WHEN primatologist Patricia Wright identified a rare species of lemur in Madagascar, she also found a threat to their future: slash-and-burn agriculture. So the Duke University professor sought help.
She returned to the United States and took her case to a Duke colleague in environmental policy at the Durham, N. C., campus. They then turned to professors of soil science and forestry at nearby North Carolina State University here. Soon the group grew to include professors of population and public health from the University of North Carolina at Chapel Hill.
Today this collaborative "seed" program among the three North Carolina universities is not only aiding Madagascar, it is also answering a worldwide trumpet call to help stop environmental deterioration.
Duke, North Carolina State, and University of North Carolina at Chapel Hill together have launched The Center for World Environment and Sustainable Development. Its mission is to combat global environmental destruction: threatened species, deforestation, malnourished populations, eroding land, polluted air and water, and global change.
The faculty-founded center emerges at a time when environmental consciousness has never been stronger: "It's the ripe time and the right time because of the awareness of the problem," says Pedro Sanchez, professor of soil science at North Carolina State and the center's initial director, during an interview in his office.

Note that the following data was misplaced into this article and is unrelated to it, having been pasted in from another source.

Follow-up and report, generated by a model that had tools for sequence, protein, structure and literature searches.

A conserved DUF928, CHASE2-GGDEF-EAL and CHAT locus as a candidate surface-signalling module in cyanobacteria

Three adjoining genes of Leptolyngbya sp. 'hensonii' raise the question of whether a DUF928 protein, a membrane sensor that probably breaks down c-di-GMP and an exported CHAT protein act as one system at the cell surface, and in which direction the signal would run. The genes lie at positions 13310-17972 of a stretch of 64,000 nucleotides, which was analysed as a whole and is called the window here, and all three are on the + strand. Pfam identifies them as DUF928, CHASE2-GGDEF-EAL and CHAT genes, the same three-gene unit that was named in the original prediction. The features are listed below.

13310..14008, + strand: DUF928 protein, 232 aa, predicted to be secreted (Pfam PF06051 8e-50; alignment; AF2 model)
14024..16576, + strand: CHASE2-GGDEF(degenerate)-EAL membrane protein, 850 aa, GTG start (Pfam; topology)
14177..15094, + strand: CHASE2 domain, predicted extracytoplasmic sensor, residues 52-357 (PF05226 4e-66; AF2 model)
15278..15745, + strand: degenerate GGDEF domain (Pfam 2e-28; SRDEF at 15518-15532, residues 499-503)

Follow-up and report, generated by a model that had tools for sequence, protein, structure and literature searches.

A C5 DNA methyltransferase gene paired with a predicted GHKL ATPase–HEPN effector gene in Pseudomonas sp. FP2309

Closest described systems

More and more, people are realizing that environmental problems need to be addressed not just by conservation scientists, but also by political scientists, economists, sociologists, biologists, agronomists, public health experts, and others.
With a healthy crop of such scientists, the center has mapped out three areas of concentration:
* Tropical conservation and development.
* Environmental problems in industrializing countries.
* Worldwide environmental change.
Madagascar, where one of the center's initial projects is under way, is an "extreme case of environmental degradation," Dr. Sanchez says. University scientists are working with the Malagasy government and people to preserve the Ranomafana National Park and help mend the tattered environment. With funding from the US Agency for International Development, research is being conducted in wildlife protection and park management, agroforestry as an alternative to slash-and-burn agriculture, and public health.
"The greatest source of plant and animal diversity is in tropical forests, and also deforestation is contributing a good chunk to the greenhouse warming," explains Sanchez. "But you can't tell that farmer out there: 'Hey, don't slash and burn this forest because that's going to mess up biodiversity and increase the greenhouse effect, he says.
Instead of prohibiting people from doing something, you have to consider the whole picture and give them "user friendly" alternatives, Sanchez says.
"This is a nature-based development," says Isabel Valencia, executive officer for the center, who recently returned from Madagascar.
Farmers are working with soil scientists to find ways to improve agriculture while preserving the park's natural-resource base. People who live …